Tuesday, June 21, 2016

Impostor Syndrome: When Grad Advisor Relationship Goes Wrong

I’ve just passed a difficult anniversary. Seven years ago, my graduate advisor gave me the curse of science impostor syndrome. A student’s graduate advisor is meant to be a mentor, a trusted authority guiding the young trainee from student to professional. Instead, she crushed me.

Feeling inadequate and an intellectual fraud among superiors is common among women in the sciences. I already had it. But to be told by my advisor that she doesn’t think science motivates me. To be told that she doesn’t think I want to be a research scientist, she thinks I like the idea of being a research scientist. To dismiss my little voice saying, “Yes it does,” and “Yes I do,” as if she could see right through me to my true nature. To be told that I should find a new advisor because I wasn’t as married to research as she was. She devalued me and my chosen career path.

My first graduate advisor is a force to be reckoned with in her subfield. She is well-respected and highly honored. She wins top awards. She’s going to leave a legacy. Someday, someone will name an equation or astrophysical model after her. A widow without children, she was married to her work. She lived and breathed it. Her career defined her life and her life was defined by her career.

I was a student in my mid 20s, passionate about astronomy and space broadly. I’ve never been a specialist, too interested in everything to devote myself to one thing for long. I loved my graduate research, but I also loved so many other things. Since junior year of undergraduate, I’d dedicated myself to the study of our subfield. It was fascinating and challenging, probing the unknown with space telescopes observing the Universe in multiple wavelengths. I learned so much. I spent hours in the lab every day, running models, coding, and plotting (graphs, not schemes). When I wasn’t working on research, I was studying doctoral-level physics textbooks and doing complex homework. I was all in.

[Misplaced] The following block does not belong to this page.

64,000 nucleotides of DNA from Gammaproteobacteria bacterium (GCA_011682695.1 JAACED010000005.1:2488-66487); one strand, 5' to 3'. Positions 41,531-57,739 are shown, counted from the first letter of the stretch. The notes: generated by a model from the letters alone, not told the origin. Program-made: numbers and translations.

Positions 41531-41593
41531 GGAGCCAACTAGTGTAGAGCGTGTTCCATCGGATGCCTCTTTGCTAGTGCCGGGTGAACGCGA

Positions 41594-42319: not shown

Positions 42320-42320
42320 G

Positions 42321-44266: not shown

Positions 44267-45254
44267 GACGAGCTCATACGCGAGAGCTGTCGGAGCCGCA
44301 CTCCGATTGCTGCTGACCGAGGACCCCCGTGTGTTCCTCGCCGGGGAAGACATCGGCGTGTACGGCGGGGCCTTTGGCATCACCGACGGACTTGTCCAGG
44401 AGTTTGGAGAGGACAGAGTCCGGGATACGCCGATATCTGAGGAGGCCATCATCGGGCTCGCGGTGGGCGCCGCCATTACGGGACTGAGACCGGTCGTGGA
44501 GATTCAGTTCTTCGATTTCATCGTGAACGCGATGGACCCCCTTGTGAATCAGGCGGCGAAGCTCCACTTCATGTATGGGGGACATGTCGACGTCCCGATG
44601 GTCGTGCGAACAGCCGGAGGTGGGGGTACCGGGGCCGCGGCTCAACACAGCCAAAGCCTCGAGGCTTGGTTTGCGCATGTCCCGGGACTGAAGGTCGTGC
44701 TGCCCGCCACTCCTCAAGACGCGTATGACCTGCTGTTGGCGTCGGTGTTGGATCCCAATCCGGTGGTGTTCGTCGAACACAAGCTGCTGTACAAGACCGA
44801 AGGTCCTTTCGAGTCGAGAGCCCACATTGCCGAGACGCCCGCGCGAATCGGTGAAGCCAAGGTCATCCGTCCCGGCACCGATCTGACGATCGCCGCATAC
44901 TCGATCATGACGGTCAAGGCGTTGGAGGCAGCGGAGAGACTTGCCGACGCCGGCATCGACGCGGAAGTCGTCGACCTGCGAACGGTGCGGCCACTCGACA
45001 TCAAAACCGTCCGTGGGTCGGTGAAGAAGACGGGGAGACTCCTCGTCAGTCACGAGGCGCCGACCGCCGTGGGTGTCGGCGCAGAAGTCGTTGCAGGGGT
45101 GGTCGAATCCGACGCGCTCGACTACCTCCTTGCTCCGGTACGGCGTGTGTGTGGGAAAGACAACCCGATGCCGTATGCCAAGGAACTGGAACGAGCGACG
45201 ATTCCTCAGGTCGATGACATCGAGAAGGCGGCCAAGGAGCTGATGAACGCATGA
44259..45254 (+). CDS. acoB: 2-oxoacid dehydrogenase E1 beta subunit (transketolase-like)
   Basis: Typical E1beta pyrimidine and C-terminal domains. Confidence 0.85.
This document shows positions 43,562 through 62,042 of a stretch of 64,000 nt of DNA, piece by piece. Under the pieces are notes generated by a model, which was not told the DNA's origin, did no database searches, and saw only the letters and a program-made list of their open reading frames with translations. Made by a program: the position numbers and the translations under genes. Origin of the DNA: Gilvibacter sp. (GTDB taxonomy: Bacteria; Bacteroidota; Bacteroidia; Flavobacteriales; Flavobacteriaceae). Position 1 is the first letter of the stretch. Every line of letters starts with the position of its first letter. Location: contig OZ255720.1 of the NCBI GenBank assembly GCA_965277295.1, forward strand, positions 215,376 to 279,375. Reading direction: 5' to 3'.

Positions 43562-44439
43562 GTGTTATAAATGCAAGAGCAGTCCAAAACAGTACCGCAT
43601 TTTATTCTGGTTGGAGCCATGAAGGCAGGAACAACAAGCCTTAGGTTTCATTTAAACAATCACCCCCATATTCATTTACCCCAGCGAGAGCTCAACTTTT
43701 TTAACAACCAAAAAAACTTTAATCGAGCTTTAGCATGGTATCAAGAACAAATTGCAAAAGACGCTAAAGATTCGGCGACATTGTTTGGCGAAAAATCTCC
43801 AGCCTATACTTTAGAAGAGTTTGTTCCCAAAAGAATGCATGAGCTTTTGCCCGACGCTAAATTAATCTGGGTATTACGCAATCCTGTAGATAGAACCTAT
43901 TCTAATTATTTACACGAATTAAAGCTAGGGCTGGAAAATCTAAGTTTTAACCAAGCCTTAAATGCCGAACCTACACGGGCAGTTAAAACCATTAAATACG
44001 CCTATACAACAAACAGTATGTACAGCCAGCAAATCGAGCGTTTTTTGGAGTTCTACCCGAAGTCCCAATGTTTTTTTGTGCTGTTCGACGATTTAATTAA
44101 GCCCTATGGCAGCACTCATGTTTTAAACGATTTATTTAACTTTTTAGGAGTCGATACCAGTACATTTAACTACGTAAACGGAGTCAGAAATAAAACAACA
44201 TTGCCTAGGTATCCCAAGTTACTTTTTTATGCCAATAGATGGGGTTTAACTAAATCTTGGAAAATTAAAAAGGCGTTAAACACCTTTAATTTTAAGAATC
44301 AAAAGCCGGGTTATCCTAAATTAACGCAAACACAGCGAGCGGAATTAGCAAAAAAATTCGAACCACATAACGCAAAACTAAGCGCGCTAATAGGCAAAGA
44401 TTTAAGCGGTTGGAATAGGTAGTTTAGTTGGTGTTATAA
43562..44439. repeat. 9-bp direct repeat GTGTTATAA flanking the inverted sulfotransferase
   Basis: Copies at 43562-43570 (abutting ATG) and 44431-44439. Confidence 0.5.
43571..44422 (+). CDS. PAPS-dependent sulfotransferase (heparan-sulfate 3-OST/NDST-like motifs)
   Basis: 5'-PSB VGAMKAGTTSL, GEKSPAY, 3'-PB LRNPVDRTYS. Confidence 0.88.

But I also had a life. I had no interest in winning the Nobel Prize or scoring a tenured professorship at an Ivy League. I had interests outside of the lab and textbooks. I had a social life. I was converting religions. I wanted to someday marry and have children. The world was open to me. I wanted it all. I didn’t see any reason why I couldn’t have it all.

By definition, a graduate research assistantship is half time. Ask any graduate student whether they work 20 hours per week and they’ll laugh at you. I never recorded my hours, but I was much closer to full-time on a regular basis. When times got tough, grad school took over my waking hours. At times I struggled to maintain a healthy balance.

When my graduate advisor ordered me to drop all of my hobbies and work in the lab from early morning to late evening and weekends, I fought back. I know my limits. That kind of schedule would have burned me out quickly. Plus, it wasn’t necessary. There was no deadline to meet or urgency in our work. She simply wanted 100% devotion. Anything less, and I wasn’t worthy. She even scolded me for attending a physics guest lecture outside of our subfield.